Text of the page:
Islam and the Quran Require Us to Honor, Not Abuse, Women


On Tuesday, I had the pleasure of appearing as a guest on “The O’Reilly Factor” to address accusations Ms. Wafa Sultan had levied against Islam on “The Factor” one day earlier. (Video at the bottom of this post.) Ms. Sultan commented on Muammar Qaddafi’s henchmen abducting and raping a Libyan woman. In her commentary, Ms. Sultan made the mistake of conflating the abuse of women in the Middle East that she has witnessed with the teachings of Islam.

Some incorrectly believe that the Quran sanctions (or even promotes) the ill-treatment of women. They allege that verse 35 of Chapter 4 instructs Muslims to beat their wives in order to maintain dominance over them.

As a happily married man, this verse is important to me — and my wife. The verse restricts, rather than sanctions, such behavior. It describes a process of curbing the urge to use physical force in the rare event of gross disobedience or rebellion — a vicious behavior such as adultery or stealing, not a simple disagreement. This verse presents a process of anger management, reformation and reconciliation, with the intention to heal the relationship at every step. Additionally, the Prophet Muhammad commanded not to do anything that would ever harm or leave a mark on a woman. This verse cannot be understood to justify beating, rape or any ill-treatment of women.

The Quran then continues in verse 36 to say that if the husband and wife cannot reconcile, then arbiters should seek to make peace between them on their behalf. The Quran guides towards reconciliation, not abuse.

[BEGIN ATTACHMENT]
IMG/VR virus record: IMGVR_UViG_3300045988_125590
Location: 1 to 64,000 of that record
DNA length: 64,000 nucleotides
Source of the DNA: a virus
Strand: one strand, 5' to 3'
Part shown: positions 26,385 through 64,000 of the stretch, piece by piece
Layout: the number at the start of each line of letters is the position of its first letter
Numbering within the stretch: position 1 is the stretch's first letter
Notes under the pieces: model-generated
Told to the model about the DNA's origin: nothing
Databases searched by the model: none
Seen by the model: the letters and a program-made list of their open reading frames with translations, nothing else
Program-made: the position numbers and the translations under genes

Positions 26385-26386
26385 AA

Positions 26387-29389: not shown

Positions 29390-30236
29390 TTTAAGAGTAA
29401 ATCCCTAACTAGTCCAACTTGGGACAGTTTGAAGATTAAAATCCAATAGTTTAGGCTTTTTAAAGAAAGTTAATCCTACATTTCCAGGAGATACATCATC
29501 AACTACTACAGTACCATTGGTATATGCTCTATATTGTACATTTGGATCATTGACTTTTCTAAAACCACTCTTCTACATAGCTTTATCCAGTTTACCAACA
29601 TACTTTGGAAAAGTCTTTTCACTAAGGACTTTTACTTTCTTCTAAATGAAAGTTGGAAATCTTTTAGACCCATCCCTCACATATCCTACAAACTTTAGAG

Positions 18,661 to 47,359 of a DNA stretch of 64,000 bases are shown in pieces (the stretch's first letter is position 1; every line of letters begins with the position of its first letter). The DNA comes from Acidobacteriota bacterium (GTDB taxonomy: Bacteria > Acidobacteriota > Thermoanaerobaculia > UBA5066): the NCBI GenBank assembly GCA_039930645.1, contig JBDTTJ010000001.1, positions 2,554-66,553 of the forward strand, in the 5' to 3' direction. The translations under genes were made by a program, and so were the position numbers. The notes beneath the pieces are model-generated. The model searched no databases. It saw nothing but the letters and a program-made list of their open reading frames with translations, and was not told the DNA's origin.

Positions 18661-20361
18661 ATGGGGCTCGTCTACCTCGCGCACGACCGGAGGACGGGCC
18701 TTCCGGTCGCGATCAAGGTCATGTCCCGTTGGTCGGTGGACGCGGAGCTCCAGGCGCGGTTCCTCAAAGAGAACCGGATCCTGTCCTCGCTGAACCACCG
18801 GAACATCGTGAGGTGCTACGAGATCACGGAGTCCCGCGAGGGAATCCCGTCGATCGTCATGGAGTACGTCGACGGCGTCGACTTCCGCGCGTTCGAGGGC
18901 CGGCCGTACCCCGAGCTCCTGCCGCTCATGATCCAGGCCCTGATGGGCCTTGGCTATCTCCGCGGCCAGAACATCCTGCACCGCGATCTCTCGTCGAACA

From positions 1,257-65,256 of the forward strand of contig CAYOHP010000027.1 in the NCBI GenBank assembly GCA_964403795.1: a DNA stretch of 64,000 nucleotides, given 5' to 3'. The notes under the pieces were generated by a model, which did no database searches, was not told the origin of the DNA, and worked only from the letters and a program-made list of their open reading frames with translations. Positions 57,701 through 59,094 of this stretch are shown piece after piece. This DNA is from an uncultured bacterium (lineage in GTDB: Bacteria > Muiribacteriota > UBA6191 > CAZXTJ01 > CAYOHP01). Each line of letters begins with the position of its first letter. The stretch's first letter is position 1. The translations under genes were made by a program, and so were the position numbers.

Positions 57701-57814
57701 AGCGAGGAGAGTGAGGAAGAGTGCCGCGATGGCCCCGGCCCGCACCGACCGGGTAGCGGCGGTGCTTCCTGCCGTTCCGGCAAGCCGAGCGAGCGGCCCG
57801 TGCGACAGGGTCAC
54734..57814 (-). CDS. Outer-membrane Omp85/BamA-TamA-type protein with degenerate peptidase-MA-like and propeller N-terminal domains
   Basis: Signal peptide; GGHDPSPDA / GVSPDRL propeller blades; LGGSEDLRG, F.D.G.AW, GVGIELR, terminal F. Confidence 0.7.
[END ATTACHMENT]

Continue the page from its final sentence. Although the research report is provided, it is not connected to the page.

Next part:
Muhammad, the Prophet of Islam, was the living embodiment of the Quran. If the Quran advocates for the beating of one’s wife, then surely we should see examples of such behavior from the Prophet Muhammad — but we do not. He had disagreements with his wives, but he never raised his hand against them.

To the contrary, we read that he instructed his followers regarding their wives “do not beat them.” One must understand the Quran according to Prophet Muhammad’s understanding and practice. He told his followers that the best among men is the one who is best in his treatment to his wife and instructed that “husbands who beat their wives are not the best among men.”

Alleging that the Prophet Muhammad sanctioned — or even permitted — the beating or raping of women is patently false. If anything Chapter 24, verse 24 says “those who accuse chaste, unwary, believing women are cursed in this world and the Hereafter.” Women must be protected from such evil and despicable acts. It is recorded that the Prophet Muhammad ordered a man to be punished for rape based on the sole testimony of the rape victim.

Some incorrectly assert that Islam requires a rape victim to bring forth four witnesses to prove she has been raped. This is absolutely absurd and has no basis in the Quran.